A slightly deeper look reveals that the Bible does not speak in a single voice. There are some portions that claim to be the direct words of God; “Thus says the Lord,” is a favorite expression of the Hebrew prophets. Other parts of the Bible tell stories about God and humans: stories in which God is a character. Still other parts of the Bible are clearly human words directed toward God; think of the many prayers in the book of Psalms.
Digging deeper still, we find that the biblical writers sometimes had different views of God. Their views are not always easy to reconcile. I don’t think that they were ever meant to be reconciled.
I have quoted Marcus Borg’s distinction between the “Word (singular) of God” and the “words (plural) of God” before. I think it is useful. The Bible, as the word of God, reveals God to us. Only portions of Scripture purport to be the direct words of God.
At my pastor’s text study this week, we discussed Isaiah 56:4–7.
“For thus says the Lord:To the eunuchs who keep my sabbaths,who choose the things that please meand hold fast my covenant,
I will give, in my house and within my walls,a monument and a namebetter than sons and daughters;I will give them an everlasting namethat shall not be cut off.
And the foreigners who join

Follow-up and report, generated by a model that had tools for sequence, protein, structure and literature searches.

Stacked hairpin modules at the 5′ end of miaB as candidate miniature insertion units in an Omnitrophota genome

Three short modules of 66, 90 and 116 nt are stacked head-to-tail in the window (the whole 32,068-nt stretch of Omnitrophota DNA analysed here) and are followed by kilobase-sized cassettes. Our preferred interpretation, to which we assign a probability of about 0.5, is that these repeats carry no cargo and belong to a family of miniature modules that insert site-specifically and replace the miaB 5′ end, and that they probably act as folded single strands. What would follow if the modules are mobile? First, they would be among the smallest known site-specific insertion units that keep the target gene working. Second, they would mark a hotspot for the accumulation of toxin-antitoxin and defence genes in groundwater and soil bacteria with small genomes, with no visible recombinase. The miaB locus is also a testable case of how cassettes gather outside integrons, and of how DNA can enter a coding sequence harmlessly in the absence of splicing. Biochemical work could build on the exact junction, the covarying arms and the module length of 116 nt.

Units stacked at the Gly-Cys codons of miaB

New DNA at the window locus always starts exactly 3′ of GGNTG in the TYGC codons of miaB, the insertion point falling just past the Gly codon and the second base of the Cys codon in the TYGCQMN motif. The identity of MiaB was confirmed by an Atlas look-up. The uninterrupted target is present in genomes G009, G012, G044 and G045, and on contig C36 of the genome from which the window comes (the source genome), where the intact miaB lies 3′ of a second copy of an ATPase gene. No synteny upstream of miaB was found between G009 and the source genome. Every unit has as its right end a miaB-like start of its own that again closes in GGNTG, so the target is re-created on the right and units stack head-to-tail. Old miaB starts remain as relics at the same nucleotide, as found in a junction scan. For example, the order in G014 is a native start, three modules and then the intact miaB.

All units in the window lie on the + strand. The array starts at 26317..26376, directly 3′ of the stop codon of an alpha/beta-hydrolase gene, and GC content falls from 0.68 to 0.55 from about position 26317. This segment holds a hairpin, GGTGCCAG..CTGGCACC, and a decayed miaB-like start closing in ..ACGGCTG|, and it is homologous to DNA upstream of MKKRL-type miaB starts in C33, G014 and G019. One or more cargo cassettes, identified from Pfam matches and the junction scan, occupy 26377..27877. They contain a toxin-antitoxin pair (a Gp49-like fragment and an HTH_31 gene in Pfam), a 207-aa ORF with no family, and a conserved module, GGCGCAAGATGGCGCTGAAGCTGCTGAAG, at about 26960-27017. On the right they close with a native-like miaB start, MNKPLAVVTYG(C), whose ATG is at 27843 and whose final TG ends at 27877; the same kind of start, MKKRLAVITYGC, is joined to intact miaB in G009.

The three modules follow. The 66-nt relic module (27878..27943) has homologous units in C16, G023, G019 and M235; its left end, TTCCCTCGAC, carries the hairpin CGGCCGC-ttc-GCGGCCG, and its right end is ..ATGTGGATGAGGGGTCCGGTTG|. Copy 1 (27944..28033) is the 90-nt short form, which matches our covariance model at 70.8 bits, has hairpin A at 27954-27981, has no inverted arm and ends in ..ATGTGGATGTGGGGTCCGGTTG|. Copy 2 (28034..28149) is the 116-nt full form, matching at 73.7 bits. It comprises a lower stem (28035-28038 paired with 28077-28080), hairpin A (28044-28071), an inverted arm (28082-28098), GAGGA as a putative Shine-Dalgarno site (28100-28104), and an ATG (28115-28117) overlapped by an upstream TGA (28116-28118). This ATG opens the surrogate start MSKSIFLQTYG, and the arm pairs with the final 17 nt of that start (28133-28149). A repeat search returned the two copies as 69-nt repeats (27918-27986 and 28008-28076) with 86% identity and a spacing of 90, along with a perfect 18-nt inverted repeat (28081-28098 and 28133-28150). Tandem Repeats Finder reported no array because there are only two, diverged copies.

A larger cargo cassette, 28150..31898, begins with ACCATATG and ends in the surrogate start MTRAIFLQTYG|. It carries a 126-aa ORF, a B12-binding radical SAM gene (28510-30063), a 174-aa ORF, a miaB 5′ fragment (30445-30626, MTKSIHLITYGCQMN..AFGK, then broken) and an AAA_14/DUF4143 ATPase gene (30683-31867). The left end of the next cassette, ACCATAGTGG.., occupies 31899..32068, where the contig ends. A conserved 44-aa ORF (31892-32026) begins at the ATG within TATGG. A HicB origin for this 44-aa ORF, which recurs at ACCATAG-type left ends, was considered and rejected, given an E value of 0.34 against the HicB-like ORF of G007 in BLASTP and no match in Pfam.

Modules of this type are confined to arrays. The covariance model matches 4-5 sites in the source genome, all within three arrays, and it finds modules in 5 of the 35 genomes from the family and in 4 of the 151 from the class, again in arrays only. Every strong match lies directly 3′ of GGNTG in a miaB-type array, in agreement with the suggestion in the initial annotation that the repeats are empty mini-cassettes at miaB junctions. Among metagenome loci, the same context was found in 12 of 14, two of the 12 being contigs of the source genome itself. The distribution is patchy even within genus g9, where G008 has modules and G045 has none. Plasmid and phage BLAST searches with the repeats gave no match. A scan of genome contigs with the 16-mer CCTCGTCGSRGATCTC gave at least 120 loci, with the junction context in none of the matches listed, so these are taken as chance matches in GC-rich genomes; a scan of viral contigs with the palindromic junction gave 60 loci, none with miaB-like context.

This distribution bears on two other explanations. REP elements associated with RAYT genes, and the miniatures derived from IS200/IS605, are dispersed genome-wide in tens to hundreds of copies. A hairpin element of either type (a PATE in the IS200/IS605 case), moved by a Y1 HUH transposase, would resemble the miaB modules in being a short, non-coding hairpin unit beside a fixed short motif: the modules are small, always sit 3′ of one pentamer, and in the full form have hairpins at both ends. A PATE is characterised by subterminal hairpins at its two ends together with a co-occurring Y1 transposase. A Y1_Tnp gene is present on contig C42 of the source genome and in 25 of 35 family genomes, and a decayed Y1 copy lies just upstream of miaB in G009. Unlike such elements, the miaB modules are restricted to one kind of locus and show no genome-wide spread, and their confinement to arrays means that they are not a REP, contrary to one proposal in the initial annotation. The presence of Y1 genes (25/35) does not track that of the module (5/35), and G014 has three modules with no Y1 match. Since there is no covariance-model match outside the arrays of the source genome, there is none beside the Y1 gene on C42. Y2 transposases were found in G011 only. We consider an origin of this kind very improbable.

themselves to the Lord,to minister to him,
to love the name of the Lord,and to be his servants,all who keep the sabbath, and do not profane it,and hold fast my covenant—
these I will bring to my holy mountain,and make them joyful in my house of prayer;their burnt offerings and their sacrificeswill be accepted on my altar;for my house shall be called a house of prayer for all peoples.”
Isaiah is saying that eunuchs and foreigners, people excluded by the Law of Moses, will be welcome to worship in the Lord’s temple. Isaiah has an expansive, inclusive vision of God and of God’s people.
Scholars tell us that this passage from Isaiah was written after the people of Judah had returned from their exile in Babylon. This was the time when the city of Jerusalem and the temple of the Lord were being rebuilt. It was also the time that the priest Ezra was promoting a vision very different from Isaiah’s.
Ezra had a narrow, exclusivist vision of a pure nation. In the fourth chapter of the book of Ezra, we are told that the Samaritans were not allowed to help the returned exiles in the work of rebuilding the temple. In chapter 10, Ezra orders the men of Judah who had married foreign women to send their wives and children away.
Isaiah’s inclusivity and Ezra’s exclusivity are both biblical.
It is interesting to me that these two visions, one inclusive and one exclusive, still play out among God’s people. As an example, my own Evangelical Lutheran Church in America has been shaken by controversies concerning the ordination of partnered homosexuals. The inclusivists sing “all are welcome, all are welcome” while the exlcusivists denounce partnered homosexuals as immoral and unworthy to serve in the ministry of Word and Sacrament.
Both sides can claim biblical warrant to justify their position.
I suppose that the question we must ask is, “Who’s right?” Who has the correct understanding of God’s word (singular) and God’s will? Is God an inclusivist or an exclusivist?
In the end, I suspect that our answers will tell us more about ourselves than about God.
Isaiah 56:4-7 was quoted from the New Revised Standard Version. Wiki was the source of the picture of Isaiah from Michaelangelo's Sistine Chapel ceiling.